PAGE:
A team of researchers has found that severe emotional distress - like that caused by divorce, the loss of a job, or caring for an ill child or parent - may speed up the aging of the body's cells at the genetic level.via New York Times
The researchers found that blood cells from women who had spent many years caring for a disabled child were, genetically, about a decade older than those from peers who had much less caretaking experience. The study, which appears in Proceedings of the National Academy of Sciences, also suggests that the perception of being stressed can add years to a person's biological age.
And when the researchers compared the DNA of mothers caring for disabled children, they found a striking trend: after correcting for the effects of age, they calculated that the longer the women had taken care of their child, the shorter their telomere length, and the lower their telomerase activity. Some of the more experienced mothers were years older than their chronological age, as measured by their white blood cells.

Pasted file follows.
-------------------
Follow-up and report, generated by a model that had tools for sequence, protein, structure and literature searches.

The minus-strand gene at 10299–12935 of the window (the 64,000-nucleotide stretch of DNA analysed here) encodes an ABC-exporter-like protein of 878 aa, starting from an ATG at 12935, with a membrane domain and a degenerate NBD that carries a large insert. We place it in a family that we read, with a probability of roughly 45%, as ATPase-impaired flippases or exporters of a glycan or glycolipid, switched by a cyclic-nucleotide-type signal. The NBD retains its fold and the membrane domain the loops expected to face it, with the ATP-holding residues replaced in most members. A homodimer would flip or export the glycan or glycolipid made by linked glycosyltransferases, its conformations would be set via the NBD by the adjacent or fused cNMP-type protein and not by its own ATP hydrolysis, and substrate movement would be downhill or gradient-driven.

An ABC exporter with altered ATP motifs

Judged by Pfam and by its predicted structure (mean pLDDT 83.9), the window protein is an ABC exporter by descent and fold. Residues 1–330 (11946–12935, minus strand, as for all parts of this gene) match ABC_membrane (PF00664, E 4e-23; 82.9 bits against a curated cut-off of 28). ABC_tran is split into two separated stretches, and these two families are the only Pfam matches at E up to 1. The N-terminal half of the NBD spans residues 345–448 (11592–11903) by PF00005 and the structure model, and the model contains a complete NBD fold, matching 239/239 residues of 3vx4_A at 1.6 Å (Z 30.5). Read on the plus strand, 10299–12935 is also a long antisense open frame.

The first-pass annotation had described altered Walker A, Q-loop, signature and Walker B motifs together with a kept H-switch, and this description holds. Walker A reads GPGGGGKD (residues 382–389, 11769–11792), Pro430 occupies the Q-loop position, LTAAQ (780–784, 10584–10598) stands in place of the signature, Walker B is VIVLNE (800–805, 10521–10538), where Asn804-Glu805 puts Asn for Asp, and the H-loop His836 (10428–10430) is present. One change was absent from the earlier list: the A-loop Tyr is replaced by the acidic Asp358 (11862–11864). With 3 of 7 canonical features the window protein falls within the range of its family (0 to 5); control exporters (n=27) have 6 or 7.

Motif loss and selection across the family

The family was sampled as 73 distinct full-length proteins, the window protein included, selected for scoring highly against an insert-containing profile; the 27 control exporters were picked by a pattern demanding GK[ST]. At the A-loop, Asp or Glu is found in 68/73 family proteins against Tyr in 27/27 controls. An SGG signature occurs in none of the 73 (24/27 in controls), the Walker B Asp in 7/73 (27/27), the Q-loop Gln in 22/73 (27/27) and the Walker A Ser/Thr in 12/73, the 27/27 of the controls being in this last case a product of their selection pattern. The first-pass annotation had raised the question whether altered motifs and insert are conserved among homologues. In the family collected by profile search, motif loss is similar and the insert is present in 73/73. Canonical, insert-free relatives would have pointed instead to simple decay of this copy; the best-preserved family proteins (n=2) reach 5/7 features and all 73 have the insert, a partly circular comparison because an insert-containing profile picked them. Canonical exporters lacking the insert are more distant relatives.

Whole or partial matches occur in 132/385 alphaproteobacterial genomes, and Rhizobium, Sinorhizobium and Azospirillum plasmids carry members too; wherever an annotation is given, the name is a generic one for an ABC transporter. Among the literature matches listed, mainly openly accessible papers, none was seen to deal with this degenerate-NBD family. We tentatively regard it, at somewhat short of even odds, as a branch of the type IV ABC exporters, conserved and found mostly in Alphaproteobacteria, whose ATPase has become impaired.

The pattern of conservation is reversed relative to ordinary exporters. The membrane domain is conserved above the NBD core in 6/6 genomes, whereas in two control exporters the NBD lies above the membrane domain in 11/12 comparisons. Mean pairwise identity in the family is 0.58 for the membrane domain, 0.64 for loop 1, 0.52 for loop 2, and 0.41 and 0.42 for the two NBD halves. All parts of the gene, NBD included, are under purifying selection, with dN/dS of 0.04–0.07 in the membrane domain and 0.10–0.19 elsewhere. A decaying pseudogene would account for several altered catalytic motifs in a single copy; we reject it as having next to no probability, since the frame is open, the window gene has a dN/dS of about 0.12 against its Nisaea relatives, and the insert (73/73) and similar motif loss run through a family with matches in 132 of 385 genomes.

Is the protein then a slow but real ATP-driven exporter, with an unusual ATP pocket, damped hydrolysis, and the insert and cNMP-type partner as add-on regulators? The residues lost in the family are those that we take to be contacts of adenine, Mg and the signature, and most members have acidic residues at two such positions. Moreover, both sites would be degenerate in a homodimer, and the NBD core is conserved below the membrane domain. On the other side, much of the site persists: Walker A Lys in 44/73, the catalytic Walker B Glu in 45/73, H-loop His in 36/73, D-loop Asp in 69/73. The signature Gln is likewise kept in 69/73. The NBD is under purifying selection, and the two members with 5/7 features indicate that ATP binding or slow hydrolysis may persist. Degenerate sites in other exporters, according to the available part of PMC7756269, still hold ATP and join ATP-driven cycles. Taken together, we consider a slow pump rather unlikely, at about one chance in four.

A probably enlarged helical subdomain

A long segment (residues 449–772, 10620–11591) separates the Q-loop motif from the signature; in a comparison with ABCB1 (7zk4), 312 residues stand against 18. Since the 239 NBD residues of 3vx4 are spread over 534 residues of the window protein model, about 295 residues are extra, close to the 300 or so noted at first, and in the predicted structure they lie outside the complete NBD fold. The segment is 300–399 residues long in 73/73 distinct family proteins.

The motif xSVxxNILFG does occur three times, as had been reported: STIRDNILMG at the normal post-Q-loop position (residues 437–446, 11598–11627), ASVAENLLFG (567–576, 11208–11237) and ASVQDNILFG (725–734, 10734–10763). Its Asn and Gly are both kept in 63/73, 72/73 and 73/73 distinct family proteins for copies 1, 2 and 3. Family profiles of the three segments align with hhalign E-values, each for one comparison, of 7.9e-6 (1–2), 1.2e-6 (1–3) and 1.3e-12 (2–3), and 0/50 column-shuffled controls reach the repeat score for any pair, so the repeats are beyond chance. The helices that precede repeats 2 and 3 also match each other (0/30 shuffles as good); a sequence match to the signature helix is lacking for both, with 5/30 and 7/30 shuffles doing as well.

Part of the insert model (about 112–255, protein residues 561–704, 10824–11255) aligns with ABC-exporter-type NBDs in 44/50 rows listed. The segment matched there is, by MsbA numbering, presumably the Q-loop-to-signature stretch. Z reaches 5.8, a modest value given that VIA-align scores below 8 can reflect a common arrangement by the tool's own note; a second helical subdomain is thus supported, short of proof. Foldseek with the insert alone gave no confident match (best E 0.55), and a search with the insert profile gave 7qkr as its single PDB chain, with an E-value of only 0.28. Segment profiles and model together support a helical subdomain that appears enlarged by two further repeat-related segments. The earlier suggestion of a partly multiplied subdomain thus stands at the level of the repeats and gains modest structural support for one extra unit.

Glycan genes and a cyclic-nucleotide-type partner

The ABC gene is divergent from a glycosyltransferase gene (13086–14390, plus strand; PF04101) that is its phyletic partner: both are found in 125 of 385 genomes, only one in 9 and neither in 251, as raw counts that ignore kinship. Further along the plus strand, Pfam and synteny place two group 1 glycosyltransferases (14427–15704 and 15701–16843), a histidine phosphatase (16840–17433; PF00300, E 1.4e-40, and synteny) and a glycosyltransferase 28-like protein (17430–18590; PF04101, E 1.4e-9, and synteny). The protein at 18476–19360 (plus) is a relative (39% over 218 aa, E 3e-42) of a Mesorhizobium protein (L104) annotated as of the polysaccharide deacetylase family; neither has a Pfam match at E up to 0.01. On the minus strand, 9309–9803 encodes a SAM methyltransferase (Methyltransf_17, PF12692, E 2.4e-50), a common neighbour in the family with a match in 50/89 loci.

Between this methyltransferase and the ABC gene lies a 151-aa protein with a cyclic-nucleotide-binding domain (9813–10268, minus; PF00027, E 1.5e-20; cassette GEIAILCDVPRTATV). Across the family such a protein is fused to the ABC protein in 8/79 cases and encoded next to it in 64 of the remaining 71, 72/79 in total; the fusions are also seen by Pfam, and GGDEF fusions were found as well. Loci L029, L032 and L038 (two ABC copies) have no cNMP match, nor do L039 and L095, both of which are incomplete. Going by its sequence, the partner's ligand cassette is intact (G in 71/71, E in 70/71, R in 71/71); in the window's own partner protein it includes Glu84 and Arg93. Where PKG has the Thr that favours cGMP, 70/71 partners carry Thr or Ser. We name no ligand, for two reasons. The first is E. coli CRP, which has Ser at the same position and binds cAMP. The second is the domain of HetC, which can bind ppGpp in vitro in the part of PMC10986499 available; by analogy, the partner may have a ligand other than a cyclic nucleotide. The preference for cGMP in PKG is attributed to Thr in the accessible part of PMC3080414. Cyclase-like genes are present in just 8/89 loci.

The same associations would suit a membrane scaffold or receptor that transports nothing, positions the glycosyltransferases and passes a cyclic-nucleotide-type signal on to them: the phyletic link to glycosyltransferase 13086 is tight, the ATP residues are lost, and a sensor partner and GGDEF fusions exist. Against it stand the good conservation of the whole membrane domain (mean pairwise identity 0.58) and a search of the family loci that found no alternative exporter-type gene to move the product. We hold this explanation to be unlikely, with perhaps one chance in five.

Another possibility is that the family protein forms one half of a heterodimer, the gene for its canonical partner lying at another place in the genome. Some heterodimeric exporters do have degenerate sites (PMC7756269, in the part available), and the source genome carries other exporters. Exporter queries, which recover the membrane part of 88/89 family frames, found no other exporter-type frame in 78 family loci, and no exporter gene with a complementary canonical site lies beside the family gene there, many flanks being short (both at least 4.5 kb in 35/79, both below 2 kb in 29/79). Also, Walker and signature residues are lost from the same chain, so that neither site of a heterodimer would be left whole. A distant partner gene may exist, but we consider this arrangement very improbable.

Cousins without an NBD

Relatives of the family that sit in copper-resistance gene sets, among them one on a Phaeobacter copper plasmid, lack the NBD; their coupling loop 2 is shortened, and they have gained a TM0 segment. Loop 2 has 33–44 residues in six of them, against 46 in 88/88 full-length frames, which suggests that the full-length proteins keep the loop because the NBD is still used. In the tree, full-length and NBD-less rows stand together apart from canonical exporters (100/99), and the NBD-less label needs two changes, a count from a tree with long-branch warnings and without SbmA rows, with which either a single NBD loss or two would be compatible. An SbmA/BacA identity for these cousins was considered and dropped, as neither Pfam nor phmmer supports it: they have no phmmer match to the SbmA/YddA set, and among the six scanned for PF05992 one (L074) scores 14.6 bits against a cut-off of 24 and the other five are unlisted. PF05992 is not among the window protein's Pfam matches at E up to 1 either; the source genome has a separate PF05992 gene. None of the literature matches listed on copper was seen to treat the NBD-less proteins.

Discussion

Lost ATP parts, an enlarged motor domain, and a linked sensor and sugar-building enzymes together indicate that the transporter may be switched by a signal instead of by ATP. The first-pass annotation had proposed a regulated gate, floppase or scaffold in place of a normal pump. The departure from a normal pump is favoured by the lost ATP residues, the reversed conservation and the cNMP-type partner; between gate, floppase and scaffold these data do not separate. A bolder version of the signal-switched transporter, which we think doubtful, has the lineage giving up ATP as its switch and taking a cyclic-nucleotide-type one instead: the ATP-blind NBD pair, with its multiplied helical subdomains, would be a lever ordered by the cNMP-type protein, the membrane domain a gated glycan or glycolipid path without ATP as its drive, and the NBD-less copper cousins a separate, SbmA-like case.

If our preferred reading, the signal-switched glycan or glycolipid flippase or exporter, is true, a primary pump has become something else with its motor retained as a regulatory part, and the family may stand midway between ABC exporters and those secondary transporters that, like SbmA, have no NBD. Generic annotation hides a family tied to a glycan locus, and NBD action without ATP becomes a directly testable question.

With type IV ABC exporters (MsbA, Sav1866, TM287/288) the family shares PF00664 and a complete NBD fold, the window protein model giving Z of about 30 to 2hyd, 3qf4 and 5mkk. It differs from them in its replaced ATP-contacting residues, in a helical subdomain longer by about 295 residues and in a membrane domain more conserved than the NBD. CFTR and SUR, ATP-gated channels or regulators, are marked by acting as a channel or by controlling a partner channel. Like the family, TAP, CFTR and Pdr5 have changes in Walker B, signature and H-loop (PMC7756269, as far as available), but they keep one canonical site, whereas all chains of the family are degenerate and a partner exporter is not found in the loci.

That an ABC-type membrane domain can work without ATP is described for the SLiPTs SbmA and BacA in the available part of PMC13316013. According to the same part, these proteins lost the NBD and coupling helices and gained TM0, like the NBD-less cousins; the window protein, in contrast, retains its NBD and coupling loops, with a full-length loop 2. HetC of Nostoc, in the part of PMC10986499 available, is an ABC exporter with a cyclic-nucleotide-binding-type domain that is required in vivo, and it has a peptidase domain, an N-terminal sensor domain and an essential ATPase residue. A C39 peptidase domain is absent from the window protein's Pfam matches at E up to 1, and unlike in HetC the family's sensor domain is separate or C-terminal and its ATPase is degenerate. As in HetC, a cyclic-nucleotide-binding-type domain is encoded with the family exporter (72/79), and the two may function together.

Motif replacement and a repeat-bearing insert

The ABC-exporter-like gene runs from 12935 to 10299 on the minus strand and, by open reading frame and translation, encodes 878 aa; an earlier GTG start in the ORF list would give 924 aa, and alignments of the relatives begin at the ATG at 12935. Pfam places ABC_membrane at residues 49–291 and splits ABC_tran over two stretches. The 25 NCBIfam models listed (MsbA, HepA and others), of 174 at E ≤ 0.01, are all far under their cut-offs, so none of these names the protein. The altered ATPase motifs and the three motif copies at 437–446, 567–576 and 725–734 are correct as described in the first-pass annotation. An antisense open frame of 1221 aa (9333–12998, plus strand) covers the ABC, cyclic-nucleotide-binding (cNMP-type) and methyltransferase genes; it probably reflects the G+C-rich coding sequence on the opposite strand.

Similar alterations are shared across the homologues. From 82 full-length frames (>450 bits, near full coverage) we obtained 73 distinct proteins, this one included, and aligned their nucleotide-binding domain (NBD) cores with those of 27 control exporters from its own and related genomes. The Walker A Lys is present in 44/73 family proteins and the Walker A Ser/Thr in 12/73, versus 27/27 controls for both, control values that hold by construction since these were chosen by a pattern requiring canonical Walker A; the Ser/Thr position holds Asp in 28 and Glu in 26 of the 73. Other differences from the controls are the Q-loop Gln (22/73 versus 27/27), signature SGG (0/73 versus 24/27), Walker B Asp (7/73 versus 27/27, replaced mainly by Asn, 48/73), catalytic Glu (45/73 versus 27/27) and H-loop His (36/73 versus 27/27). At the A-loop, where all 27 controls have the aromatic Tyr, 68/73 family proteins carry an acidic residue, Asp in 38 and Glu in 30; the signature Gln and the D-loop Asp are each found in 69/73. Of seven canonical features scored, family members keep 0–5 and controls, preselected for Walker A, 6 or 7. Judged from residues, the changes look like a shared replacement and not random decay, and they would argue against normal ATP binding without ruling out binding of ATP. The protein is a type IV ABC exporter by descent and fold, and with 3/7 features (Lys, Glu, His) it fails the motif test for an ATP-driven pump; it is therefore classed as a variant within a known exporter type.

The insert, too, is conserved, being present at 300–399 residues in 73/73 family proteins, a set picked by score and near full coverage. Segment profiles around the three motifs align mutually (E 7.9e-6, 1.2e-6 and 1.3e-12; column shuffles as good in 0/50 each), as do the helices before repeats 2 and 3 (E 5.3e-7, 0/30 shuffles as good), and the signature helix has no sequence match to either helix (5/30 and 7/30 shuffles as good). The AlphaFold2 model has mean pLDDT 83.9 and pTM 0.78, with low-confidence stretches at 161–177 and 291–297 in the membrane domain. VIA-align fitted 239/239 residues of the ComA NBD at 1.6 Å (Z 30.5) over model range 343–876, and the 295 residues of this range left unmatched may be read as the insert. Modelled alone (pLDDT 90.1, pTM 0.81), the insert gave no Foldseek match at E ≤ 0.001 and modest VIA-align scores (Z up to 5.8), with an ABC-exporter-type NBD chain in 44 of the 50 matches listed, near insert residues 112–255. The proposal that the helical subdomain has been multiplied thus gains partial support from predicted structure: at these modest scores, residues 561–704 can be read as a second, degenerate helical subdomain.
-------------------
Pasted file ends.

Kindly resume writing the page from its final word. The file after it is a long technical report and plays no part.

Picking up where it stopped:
The researchers also gave the women a questionnaire, asking them to rate on a three-point scale how overwhelmed they felt by daily life, and how often they were unable to control the important things in their lives. The women who perceived that they were under heavy stress also had significantly shortened telomeres, compared with those who felt more relaxed - whether they were raising a disabled child or not.
She said the group had plans to test the effect of meditation, mindfulness training and yoga on both perceived stress and telomere length.